Front Cover
 Title Page
 Robinson Crusoe
 Back Cover

Group Title: Richardson's library of amusement
Title: The Singular adventures of Robinson Crusoe
Full Citation
Permanent Link: http://ufdc.ufl.edu/UF00072769/00001
 Material Information
Title: The Singular adventures of Robinson Crusoe
Series Title: Richardson's library of amusement
Physical Description: 12 p., 1 leaf of plates : col. ill. ; 15 cm.
Language: English
Creator: Richardson, Thomas, d. 1875 ( Publisher, Printer )
Defoe, Daniel, 1661?-1731
Robert Sears and Co ( Publisher )
Publisher: Thomas Richardson
Robert Sears and Co.
Place of Publication: Derby
London (53 Paternoster Row)
Publication Date: between 1835 and 1837
Subject: Castaways -- Juvenile fiction   ( lcsh )
Shipwrecks -- Juvenile fiction   ( lcsh )
Survival after airplane accidents, shipwrecks, etc -- Juvenile fiction   ( lcsh )
Imaginary voyages -- 1836   ( rbgenr )
Chapbooks -- 1836   ( rbgenr )
Genre: Imaginary voyages   ( rbgenr )
Chapbooks   ( rbgenr )
fiction   ( marcgt )
Spatial Coverage: England -- Derby
England -- London
Citation/Reference: NUC pre-1956,
Citation/Reference: Osborne Coll.,
Statement of Responsibility: with a coloured engraving.
General Note: Robert Sears listed at above address from 1835-1837. Cf. Todd, W.B. Directory of printers and others in allied trades ..., 1972.
General Note: "Printed by Thomas Richardson, Derby."--P. 12.
General Note: Series from publisher's listing on p. 4 of cover.
General Note: Variant of Lovett, R.W. Robinson Crusoe, 338, which gives a date of 184- and an imprint as above omitting 'Robert'.
General Note: Illustration hand-colored.
General Note: Part I of Robinson Crusoe, retold.
 Record Information
Bibliographic ID: UF00072769
Volume ID: VID00001
Source Institution: University of Florida
Holding Location: University of Florida
Rights Management: All rights reserved, Board of Trustees of the University of Florida.
Resource Identifier: oclc - 27698232

Table of Contents
    Front Cover
        Front Cover
        Page 1
    Title Page
        Page 2
    Robinson Crusoe
        Page 3
        Page 4
        Page 5
        Page 6
        Page 7
        Page 8
        Page 9
        Page 10
        Page 11
        Page 12
    Back Cover
        Back Cover
Full Text



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I WAs born in York, in the year 1642, and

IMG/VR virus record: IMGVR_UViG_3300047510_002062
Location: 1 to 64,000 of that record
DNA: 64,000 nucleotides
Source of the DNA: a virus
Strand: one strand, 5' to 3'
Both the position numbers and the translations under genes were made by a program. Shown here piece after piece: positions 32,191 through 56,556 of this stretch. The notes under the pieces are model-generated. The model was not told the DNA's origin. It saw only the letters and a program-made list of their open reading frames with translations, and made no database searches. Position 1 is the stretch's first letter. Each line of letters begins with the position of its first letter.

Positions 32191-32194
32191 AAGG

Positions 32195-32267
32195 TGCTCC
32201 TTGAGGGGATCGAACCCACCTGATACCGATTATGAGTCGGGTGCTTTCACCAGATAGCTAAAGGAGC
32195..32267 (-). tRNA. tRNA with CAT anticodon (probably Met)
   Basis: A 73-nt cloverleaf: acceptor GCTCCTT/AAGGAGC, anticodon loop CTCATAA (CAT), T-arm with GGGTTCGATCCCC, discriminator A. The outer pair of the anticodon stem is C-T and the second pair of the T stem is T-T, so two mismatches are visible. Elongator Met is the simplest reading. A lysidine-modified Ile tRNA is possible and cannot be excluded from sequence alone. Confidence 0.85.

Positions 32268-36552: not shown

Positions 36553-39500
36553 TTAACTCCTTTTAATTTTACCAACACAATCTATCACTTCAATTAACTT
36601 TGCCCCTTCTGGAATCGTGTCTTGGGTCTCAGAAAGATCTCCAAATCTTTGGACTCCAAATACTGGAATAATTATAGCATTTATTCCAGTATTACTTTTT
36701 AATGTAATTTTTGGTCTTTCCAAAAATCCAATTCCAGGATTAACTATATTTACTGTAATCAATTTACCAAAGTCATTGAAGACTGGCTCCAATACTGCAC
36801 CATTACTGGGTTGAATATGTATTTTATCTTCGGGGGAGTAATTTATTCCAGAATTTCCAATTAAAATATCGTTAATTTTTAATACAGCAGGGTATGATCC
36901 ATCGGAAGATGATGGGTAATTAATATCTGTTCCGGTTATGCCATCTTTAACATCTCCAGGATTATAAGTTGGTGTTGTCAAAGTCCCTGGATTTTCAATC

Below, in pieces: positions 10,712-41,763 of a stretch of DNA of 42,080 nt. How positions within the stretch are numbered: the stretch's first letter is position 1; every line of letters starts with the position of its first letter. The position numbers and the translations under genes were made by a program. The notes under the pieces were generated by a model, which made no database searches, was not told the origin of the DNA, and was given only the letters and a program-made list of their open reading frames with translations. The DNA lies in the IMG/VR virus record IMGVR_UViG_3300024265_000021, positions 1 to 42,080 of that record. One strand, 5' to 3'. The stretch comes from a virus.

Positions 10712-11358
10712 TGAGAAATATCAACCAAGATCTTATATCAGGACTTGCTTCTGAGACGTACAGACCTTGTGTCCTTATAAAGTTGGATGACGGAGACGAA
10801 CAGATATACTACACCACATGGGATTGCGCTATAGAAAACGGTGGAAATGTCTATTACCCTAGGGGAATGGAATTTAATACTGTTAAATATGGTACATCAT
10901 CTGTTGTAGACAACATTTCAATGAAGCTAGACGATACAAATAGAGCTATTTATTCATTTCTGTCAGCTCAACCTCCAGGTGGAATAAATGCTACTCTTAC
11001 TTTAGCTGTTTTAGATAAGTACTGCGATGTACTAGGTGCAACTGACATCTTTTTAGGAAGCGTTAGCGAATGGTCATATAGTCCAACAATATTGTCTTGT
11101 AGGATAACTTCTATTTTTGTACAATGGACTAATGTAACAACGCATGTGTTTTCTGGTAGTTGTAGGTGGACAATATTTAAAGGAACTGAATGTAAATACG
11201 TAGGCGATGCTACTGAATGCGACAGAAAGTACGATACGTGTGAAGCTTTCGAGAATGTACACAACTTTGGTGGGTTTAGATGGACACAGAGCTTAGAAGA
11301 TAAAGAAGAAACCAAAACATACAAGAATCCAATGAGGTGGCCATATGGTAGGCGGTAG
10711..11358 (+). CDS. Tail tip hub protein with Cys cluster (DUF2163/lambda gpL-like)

brought up to the law; but, being of a ram-
bling disposition, resolved to go to sea; and
happening one day to meet an acquaintance,
whose father was master of a ship, bound for
London, I went on board with him, unknown
to my parents, and without their blessing.
We had no sooner left the Humber astern,
than a terrible storm arose, and after six days
incessant toil and sickness, our ship sunk;
but some collier saved the crew, and landed
us at Cromer, from whence we walked to
Yarmouth, where I parted from the rest, and
walked up to London. Having obtained 40
from home, the captain who engaged me told me
how to lay it out; and on my return from that
voyage, I had cleared 200, sterling.
My captain died soon after our return, and
I embarked again with the mate; butwe were
taken by a Sallee Rover, and carried slaves


to the Canary Islands. The captain liking
me, kept me as his slave; and a young Mo-
rocco boy and me used to row the boat, and
divert him with fishing: at other times send-
ing me with a kinsman of his to catch fish.
One day, having persuaded them to go and
shoot curlews, when out at sea, I took an op-
portunity to throw my master's kinsman over-
board, threatening to shoot him if he came
near the boat, and made the boy swear by
Mahomet to be true to me. We sailed five
days, during which we killed some creatures
which were very good food, when we made
Cape de Verd Islands, and by good fortune
fell in with a Portuguese ship, the master of
which bought the boat and the boy of me, and
soon after landed me at Brazil. Here I served
a planter some years; when a merchant whom
I was connected with, having fitted a ship out
for Guinea, I agreed to go as commander. I
sailed on the first of September, 1650, being
the same day eight years that I left my father
and mother; but we had not long left, when
a dreadful storm arose, which lasted for twelve
days; when having made shift to get into our
boat, a wave capsized it, when close to shore,
and all hands perished but me.


I now thanked God for this deliverance, but
saw no prospect but starvation, or being eaten
by wild beasts, having nothing but a knife, a
pipe, and a tobacco-stopper. That night I
slept in a tree, and next morning, the storm
having abated, I swam to the wreck, and ha-